Westport's new school: Students may not all fit on opening day

Some grades may have to stay at old school until Covid-19 protocols end

By Bruce Burdett
Posted 2/18/21

Westport’s brand new $97 million school may not be big enough to hold all of the grade 5-12 students who expect to attend on opening day next September.

That alert came from Thomas Aubin, …

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Westport's new school: Students may not all fit on opening day

Some grades may have to stay at old school until Covid-19 protocols end

Posted

Westport’s brand new $97 million school may not be big enough to hold all of the grade 5-12 students who expect to attend on opening day next September.

That alert came from Thomas Aubin, interim superintendent of schools, who told the School Committee that Covid-19 distancing needs may make it impossible to squeeze in all of those grades right away.

And if that’s the case, several grades may have to remain back at the present middle-high school. 

“If the protocols are still in place, we are going to have to take a good hard look at whether go in full based on limitations of space at the new building,” the superintendent said.

“I think everyone is painfully aware of the detrimental effects of hybrid and remote learning on students,” he continued.

“I desperately want to get every single student in every day. You cannot replicate in-person learning … Beyond that, the social interaction that these kids have lost for close to a year” will also have detrimental effects.

“We’ve got some heavy work ahead of us — I think it would be educational malpractice for me not to bring this to you.”

It is a significant issue, Supt. Aubin said, with serious budget implications. He asked that the committee table an agenda item involving action on the school budget until there has been adequate time to study the possible need to open the new school while continuing to run the old one.

School Committee Chairman Antonio Viveiros agreed with that assessment.

“If the protocols are still in place in September, and more than likely they will be, we want to bring everyone in together. There’s a good chance we’ll want to use the existing high school and throw a couple of grades in.”

Classrooms in the new school vary in size — some are the same or bigger than those in the old school, some are actually smaller, school officials said. That means that current distancing standards won’t allow enough students per classroom in the new school to fit all of grades 5-12.

Another challenge would be fitting all the students into the new cafeteria areas and the gym.

Committee member Nancy Stanton-Cross said the schools have already explained to the town that they will likely have continued need to house the school administration offices in the old school next year (the new school has no central administration space).

“As daunting as it may be … we need to develop a Plan B that says, ‘Identify the classes that would need to move over there.”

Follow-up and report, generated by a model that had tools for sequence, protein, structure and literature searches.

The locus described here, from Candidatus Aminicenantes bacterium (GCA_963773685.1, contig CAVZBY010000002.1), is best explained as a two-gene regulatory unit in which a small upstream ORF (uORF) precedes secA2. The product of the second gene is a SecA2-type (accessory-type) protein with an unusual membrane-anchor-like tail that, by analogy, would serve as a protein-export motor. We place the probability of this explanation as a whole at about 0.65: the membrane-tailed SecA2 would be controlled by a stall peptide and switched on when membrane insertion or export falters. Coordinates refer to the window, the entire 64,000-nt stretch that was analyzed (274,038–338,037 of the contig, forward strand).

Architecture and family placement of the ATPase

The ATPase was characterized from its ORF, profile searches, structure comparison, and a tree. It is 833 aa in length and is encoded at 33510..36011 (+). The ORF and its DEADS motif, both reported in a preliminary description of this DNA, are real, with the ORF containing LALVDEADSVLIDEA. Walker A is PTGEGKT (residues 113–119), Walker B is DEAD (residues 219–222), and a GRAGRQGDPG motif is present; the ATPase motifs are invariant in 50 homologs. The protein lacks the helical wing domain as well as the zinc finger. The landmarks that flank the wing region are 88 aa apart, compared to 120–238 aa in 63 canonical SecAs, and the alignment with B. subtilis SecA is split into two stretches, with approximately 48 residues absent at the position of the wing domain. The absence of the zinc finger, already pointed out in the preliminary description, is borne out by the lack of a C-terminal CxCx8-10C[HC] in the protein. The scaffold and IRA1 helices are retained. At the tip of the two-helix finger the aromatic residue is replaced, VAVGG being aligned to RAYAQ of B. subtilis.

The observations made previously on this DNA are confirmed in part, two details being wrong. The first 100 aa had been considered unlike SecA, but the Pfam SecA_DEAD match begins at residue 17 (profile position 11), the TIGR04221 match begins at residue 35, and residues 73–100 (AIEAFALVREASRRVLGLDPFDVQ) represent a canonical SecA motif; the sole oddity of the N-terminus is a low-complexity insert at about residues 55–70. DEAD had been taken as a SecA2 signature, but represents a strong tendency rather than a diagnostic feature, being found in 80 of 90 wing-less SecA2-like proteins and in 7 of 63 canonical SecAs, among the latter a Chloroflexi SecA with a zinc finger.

That also involves figuring out how to put the old school up for sale, as the town has been planning, while that Main Road building continues to function as a school.

“I personally really want our juniors and seniors to be able to be in the new school,” Ms. Stanton-Cross said. “They are at the end of their time in Westport.”

Any use of two school buildings at once will also  bring higher costs and budget impact, she added.

“Even though there are savings in the new building, we can’t run the old building full throttle on the budget they have given us.”

I hate to suggest it, committee member Melissa Pacheco said, but, “What if we kept our district the way it is and moved (grades) 7 to 12 to the new school and kept the other grades as they are because there is obviously room — they are in full and it is working. Would there be enough space not bringing over two of the grades (5 and 6) to the new building?”

Among things that need to happen, the superintendent and chairman said, will be tours of the new school to get a better look at how to many students and staff can safely fit there within state distancing protocols.

 

School furnishings a concern

Higher than expected bid prices for so-called “fixtures, furniture and equipment” for the new school continue to be a budget concern.

The School Building Committee has discussed that several times and Mr. Viveiros brought it up at the February 4 School Committee meeting.

Those items —“all the stuff” that goes inside the school, from furnitures to gym equipment — has come in roughly $226,000 over the budgeted $1.4 million.

“We are spending about $1,900 per student,” on those things, he said — some districts spend much more, some spend less.

And making matters worse, a lot of the gym and athletic equipment that the schools thought they were ordering — including rowing machine, exercise bikes etc. — seem to have been removed from the list.

Mr. Viveiros said that the contractor made a comment “that kind of bothered me. He said, ‘Well they really didn’t ask for much in the Athletic Department.’”

But Mr. Viveiros said he checked and “We actually did — it just didn’t make it on the list.”

These items will push the price higher, “but we’ve got to fight for the things we need in the school. We don’t want to open up a new school and find out a week later” that we don’t have the things we need.

Ms. Stanton-Cross recommended  school visits to “make sure that areas are properly equipped. We only get one shot at this.”

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